Same Kind of Different as Me
It can be hard to disagree with the heart and events of this true tale, except for when the movie reveals itself to be mighty…
Three eloquent and distinctly personal appreciations of the opening of Paul Thomas Anderson's "Punch-Drunk Love":
From Nareg Torosian, ScreenPlay:
The opening shot of one of my favorite films of recent years, Paul Thomas Anderson's "Punch-Drunk Love" (2002). As described on the DVD's back cover, the focal point of the movie is Barry Egan, "a socially impaired owner of a small novelty business, who...is unlikely to find love unless it finds him." On the surface, nothing much happens during the handheld shot that begins the movie, but for this first minute and a half, Anderson is able to set up three crucial elements for the rest of the film:
1. Barry's loneliness. The set is about as sparse as can be - one desk and one chair in the corner of a large, unadorned, warehouse-like room. No one else will enter the frame, and other than the voice on the other end of the telephone, no other sound can be heard. (A metallic ping that breaks the silence will attract Barry's attention and cause him to leave, thus creating a bridge to the film's next shot. Jon Brion's lush, atmospheric score/soundscape will not come to play for several minutes.) Anderson shoots the sequence in a long shot, and the resulting amount of empty, indifferent space conveys the character's sense of isolation and emotional distance; this composition is mirrored later when Barry calls the phone sex service in his apartment and when he calls Lena from a pay phone in Hawaii. Even the first spoken line ("Yes, I'm still on hold") subtly hints at his feeling of emotional repression and arrested development.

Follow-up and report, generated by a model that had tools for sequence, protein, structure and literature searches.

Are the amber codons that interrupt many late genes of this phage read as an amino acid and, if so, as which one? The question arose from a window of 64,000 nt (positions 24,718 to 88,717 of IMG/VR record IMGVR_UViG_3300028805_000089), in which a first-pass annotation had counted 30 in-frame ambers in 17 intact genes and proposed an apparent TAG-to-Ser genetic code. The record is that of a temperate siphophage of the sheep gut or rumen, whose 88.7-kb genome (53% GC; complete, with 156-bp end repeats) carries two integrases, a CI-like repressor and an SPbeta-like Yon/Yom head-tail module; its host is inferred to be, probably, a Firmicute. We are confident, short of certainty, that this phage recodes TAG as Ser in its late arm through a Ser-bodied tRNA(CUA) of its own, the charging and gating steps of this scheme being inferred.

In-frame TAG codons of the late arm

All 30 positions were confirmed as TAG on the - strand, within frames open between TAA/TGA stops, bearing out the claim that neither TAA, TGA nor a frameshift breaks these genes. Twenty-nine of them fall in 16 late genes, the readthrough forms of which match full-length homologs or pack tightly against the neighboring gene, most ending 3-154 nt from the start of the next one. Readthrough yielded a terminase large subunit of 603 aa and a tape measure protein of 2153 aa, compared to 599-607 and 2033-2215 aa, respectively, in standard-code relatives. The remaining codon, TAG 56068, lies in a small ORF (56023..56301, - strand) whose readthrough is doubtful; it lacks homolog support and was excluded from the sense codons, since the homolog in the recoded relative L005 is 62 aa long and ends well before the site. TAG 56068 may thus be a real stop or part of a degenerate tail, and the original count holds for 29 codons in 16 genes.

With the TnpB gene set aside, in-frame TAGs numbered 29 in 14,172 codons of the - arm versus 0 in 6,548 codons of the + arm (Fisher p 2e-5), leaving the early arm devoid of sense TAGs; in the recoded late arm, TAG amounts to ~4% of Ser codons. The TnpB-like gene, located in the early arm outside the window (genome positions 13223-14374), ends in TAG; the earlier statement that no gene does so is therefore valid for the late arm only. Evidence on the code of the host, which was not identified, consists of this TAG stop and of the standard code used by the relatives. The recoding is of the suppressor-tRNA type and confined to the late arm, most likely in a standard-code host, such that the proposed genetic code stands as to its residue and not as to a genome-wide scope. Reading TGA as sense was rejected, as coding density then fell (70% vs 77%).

2. Barry's phone etiquette. In the opening dialogue, Barry politely and rationally explains a loophole in one of Healthy Choice's promotional campaigns to one of the company's phone representatives. This is one of many phone conversations he will have during the course of the film, and it will become clear that he is a man who (initially) seems more confident and can express himself more clearly over the phone than in person.
3. The film's color scheme. Color is very important in this movie, and the shade of blue on the warehouse wall and on the suit Barry wears will be closely identified with him throughout the film. It is not until Lena's appearance that a vibrant red will make its way into Anderson's palette, literally and figuratively signaling a change in Barry's monotonous existence.
From Patrick Svensson: